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  • A ceremony was held Monday for the official opening of Bottle Works Lofts on Pontiac Street. Residents of the apartments in the old Coca-Cola bottling plant will never spend more than 30% of their income for rent. (Photos by Mike Moore | The Journal Gazette)

  • People at Monday’s opening ceremony were allowed to tour a vacant apartment.

Tuesday, May 14, 2019 1:00 am

Celebration for Bottle Works Lofts opening

Affordable housing has 'wow' factor

ROSA SALTER RODRIGUEZ | The Journal Gazette

With 70% of units already leased, officials Monday afternoon celebrated the opening of Bottle Works Lofts, a project combining  historic preservation with affordable housing on Fort Wayne's southeast side.

The former Coca-Cola bottling plant at 1631 E. Pontiac St. has become 31 one-, two-, three- and four-bedroom apartments where residents, although low-income, will never spend more than 30% of that income on rent.

The apartments fill a need, said Denise Andorfer, executive director of Vincent Village, Fort Wayne, co-developer of the project. 

“It will allow people not to be rent-burdened,” she said, adding that 41% of local renters are paying more than the 30% benchmark.

As a result, they find themselves having to choose between paying rent and paying for food, utilities, medicine, child care or transportation, Andorfer said.

City officials said the project has been more than six years in the making. The brick structure was built in 1943 and purchased by the city in 2012 with an eye to redevelopment.

The building sat vacant about 15 years, said Peter Schwiegeraht of Miller-Valentine Group, co-developer.

“Quite a transformation,” he said during Monday's ceremony. “For those of you from the neighborhood, you've seen it in its glory, and then in not-so-good shape.”

The renovated building maintains a retro/industrial style with super-high ceilings and exposed white brick and piping.

Some apartments and common areas feature skylights. Floors are dark, luxury vinyl planking, and apartments have an island divider between the kitchen and living area.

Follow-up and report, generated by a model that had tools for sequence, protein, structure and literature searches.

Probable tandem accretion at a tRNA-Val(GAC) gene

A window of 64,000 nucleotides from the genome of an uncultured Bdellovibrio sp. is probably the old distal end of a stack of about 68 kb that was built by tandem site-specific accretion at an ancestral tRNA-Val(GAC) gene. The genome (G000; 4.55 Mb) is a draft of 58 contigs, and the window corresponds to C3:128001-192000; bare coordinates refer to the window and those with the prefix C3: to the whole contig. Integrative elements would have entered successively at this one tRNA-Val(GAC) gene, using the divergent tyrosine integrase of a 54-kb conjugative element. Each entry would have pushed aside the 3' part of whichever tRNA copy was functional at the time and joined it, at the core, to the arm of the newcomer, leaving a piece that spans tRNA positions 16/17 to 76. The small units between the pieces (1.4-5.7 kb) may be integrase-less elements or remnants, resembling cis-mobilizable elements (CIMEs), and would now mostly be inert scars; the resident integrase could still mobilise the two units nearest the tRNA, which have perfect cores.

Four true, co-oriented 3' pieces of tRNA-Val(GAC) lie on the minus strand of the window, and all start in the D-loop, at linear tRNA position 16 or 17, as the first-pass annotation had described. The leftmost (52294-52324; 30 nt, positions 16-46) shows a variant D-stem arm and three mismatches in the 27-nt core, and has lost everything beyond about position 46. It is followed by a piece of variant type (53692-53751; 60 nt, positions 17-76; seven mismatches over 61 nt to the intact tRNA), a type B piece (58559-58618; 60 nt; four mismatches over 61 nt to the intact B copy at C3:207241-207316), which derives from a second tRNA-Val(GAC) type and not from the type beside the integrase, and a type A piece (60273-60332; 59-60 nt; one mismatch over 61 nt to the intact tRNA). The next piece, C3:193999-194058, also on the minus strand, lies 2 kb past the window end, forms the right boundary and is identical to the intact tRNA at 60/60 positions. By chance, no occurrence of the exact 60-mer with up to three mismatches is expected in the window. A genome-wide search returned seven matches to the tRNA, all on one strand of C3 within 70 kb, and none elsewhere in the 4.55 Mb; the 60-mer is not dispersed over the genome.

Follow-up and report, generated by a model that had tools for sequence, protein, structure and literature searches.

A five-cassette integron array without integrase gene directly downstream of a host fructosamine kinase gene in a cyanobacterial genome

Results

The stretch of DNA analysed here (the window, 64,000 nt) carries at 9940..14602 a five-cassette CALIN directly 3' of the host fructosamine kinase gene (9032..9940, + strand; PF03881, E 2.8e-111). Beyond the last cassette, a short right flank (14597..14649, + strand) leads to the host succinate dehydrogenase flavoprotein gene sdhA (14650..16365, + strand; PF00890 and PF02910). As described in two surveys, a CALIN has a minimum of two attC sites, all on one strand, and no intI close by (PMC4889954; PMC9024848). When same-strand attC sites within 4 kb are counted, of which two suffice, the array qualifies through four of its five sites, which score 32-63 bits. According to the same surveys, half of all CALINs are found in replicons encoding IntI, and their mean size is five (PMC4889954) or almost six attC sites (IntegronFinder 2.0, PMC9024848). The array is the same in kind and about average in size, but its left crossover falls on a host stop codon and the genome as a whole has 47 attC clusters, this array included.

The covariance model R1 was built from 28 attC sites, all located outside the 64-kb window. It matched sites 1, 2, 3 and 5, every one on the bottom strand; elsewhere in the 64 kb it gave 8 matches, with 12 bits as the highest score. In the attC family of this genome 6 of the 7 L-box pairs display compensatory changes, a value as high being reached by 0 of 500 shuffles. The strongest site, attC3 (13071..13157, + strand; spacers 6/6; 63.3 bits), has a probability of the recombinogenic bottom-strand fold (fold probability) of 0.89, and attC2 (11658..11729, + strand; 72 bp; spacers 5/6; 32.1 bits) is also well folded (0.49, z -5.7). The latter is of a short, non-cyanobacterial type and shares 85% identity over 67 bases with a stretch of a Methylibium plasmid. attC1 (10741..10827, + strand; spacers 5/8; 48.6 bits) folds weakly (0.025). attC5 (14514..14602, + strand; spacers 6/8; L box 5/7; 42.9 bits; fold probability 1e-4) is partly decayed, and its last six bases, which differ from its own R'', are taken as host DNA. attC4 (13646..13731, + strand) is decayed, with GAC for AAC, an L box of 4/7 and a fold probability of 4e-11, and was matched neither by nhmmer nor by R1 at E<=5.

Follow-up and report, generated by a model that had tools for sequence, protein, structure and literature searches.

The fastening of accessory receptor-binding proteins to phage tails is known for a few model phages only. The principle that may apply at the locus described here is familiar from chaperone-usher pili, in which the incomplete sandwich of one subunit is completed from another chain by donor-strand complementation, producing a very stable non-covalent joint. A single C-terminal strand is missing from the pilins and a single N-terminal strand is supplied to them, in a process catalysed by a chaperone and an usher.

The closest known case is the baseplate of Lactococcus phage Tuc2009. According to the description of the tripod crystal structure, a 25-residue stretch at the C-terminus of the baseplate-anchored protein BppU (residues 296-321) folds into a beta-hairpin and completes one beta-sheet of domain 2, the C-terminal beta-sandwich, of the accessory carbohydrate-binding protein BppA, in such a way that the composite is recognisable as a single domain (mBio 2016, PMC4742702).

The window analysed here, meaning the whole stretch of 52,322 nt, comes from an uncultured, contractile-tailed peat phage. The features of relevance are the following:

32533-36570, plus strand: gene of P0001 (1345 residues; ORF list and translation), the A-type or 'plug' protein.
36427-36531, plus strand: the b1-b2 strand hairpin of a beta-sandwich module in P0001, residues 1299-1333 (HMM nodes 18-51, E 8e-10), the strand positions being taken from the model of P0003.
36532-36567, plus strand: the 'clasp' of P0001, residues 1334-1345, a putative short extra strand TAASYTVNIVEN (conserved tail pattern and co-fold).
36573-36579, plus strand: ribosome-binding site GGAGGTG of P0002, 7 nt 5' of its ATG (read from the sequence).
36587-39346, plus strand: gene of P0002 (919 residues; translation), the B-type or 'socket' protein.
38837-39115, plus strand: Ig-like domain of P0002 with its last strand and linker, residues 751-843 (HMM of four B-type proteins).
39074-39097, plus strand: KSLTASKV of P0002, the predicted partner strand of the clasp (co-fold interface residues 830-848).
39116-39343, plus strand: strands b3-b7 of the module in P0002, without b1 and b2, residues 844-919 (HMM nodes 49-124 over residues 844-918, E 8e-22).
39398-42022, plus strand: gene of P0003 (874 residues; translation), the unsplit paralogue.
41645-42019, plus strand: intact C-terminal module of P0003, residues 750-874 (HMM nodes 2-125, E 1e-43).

One apartment on display had a master suite with closet, bathroom and laundry facilities just steps from each other.

The building contains an on-site management office, community room, business center, media room and fitness center. Also planned are indoor and outdoor playgrounds.

Tiarra Suel, 27, a single mother of three girls, has been living in a Bottle Works three-bedroom, two-bath unit in one of the two buildings that make up the development. 

“It's a very spacious apartment. And I have a washer/dryer, and I have my own private entrance,” she said after the opening ceremony.

Suel, a certified nursing assistant, also is a junior at Indiana Tech. She said she didn't expect to be able to live in such a nice place when she was looking at apartments.

“I didn't expect it to be a 'wow' factor,” she said. “You don't even think you're on Pontiac (Street).”

The $14.5 million development also includes 19 lease-to-purchase single-family homes completed last year on sites throughout the surrounding Renaissance Pointe neighborhood. All the homes are occupied.

Andorfer said residents of the new loft apartments need not be clients of Vincent Village, which works to help people go from homelessness to stable, affordable housing. But the agency will play a role in referring clients and providing residents with information.

“The point is that this area is beginning to show new signs of life,” said Mayor Tom Henry, a Democrat running for reelection in November. “It really is a nice place to live.”

Those interested in living at Bottle Works can call 402-9257 or check www.mvahpartners.com/properties/bottle-works-lofts. 

rsalter@jg.net